News & OpinionWeekly News Roundup

5 Things To Know: Anti-Riot Bill Could Become State Law

...and four more stories from Feb. 5-11, 2023

use of tear gas, protest response policy, anti-riot bill
An anti-riot bill passed through the house on Wednesday and is now in the Senate. Pictured: Protesters in Uptown deal with tear gas on May 30. (Photo by Joshua Galloway)

Anti-Riot Bill Has Votes to Override Veto

House Bill 40, also known as North Carolina’s anti-riot bill, passed through the N.C. House on Wednesday in a 75-43 vote that was split mostly along party lines, though the six Democrats who support the bill also give it a super majority, meaning that with their continued support the House will be able to override a veto from Gov. Roy Cooper.

If passed, the bill increases felony penalties for certain existing offenses related to “rioting,” allowing prosecutors more leeway to lock up and financially punish folks participating in protests based on police accounts. The law, which was passed through the NCGA as House Bill 805 but vetoed by Gov. Cooper in 2021, was drawn up by House Speaker Tim Moore in response to protests that occurred in Charlotte and elsewhere during the summer of 2020 in response to the police murder of George Floyd.

Civil rights groups have long stood against the anti-riot bill, stating it will be used to stack charges against protesters and inhibit free speech. 

“This bill would stifle free speech and discourage protests by imposing extremely harsh criminal penalties on people charged with ‘rioting,” tweeted the ACLU of North Carolina in a statement on Tuesday. 

Organizers with the South Atlantic chapter of Planned Parenthood Votes! joined others on Wednesday in protesting House Bill 40 in Raleigh.

“From women’s suffrage & Civil Rights to marches for police accountability, our American legacy of mass protest and civic action is fundamental to who we are as a nation,” the organization tweeted.  “We must #ProtectProtest as a hallmark of a thriving, well-functioning democracy.”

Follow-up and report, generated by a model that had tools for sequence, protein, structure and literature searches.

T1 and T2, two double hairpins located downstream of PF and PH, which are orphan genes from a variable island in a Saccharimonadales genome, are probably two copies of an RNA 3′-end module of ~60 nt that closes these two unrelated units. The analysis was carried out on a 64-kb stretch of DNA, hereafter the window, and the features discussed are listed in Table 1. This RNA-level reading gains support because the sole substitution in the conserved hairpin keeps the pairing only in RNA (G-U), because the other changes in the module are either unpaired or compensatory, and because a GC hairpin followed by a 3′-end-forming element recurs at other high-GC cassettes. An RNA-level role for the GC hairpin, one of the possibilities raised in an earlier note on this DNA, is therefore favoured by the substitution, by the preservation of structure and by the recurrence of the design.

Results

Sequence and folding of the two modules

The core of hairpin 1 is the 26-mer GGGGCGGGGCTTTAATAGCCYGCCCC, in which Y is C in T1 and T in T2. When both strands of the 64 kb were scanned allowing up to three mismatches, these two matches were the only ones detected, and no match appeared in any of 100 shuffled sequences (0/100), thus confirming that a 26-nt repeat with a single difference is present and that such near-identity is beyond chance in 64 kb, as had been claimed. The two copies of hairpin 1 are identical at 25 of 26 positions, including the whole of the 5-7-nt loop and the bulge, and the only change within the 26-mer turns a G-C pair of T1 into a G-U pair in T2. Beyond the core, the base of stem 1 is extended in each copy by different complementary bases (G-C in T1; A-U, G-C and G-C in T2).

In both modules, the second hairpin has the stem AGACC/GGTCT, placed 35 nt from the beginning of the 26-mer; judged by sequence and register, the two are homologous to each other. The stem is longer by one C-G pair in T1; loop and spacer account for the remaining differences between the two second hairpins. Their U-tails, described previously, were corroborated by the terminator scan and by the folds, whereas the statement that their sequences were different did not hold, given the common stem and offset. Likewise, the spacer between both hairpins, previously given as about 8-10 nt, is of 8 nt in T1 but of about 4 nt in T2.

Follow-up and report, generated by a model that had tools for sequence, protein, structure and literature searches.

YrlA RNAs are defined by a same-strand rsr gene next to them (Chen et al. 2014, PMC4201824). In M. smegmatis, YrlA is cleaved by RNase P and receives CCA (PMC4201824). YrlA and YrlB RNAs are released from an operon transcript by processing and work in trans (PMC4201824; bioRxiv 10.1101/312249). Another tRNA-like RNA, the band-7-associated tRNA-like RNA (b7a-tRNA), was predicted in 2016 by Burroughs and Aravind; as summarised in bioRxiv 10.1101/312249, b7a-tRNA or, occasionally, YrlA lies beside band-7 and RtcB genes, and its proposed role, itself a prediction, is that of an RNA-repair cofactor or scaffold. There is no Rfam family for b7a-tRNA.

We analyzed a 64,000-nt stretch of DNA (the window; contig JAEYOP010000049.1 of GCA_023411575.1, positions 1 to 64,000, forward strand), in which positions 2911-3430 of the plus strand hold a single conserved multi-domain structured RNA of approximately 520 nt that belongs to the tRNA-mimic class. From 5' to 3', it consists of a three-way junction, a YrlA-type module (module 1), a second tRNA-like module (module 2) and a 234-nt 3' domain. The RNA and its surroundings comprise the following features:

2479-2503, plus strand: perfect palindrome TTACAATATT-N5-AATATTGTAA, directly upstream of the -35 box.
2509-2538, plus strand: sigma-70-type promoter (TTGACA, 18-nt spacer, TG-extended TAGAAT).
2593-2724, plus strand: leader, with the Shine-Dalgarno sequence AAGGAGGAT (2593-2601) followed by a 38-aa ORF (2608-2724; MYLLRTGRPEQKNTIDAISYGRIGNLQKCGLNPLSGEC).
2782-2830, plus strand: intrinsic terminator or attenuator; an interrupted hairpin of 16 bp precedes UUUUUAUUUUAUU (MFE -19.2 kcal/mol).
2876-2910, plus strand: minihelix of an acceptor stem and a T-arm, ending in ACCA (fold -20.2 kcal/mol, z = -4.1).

CMPD Makes Arrest in 40-Year-Old Murder Case

CMPD officials held a press conference on Thursday to announce an arrest in the case of a gruesome double murder that occurred nearly 40 years ago.

Police stated that, thanks to years of extensive forensic testing and evidence examination, the CMPD Crime Lab and Cold Case Unit identified 60-year-old James Pratt as the main suspect in the murders of 27-year-old Sarah Mobley Hall and her 10-year-old son, Derrick Mobley, both of whom were found murdered in their home on Ventura Way on March 14, 1984.

Officers arrested Pratt without incident at a hotel in York County, South Carolina, on Wednesday and have already extradited him back to Mecklenburg County, where he is in custody, charged with both murders.

CMPD Chief Johnny Jennings noted that he and Mecklenburg Sheriff Garry McFadden worked on the case together during their time as homicide detectives with CMPD.

“There are some cases that you never forget, and this was no exception as it was one of the most horrific crime scenes I’ve ever seen,” Jennings wrote in a statement. “I can’t even describe the relief I felt when I learned that we had found a DNA match and arrested a suspect. After 39 years, justice was finally served.”


Ashley Park Teacher Suspended After Video Goes Viral

Charlotte-Mecklenburg Schools has confirmed that the teacher seen shoving a student into his chair and pushing the chair across the floor of a classroom in a recent viral video has been suspended with pay.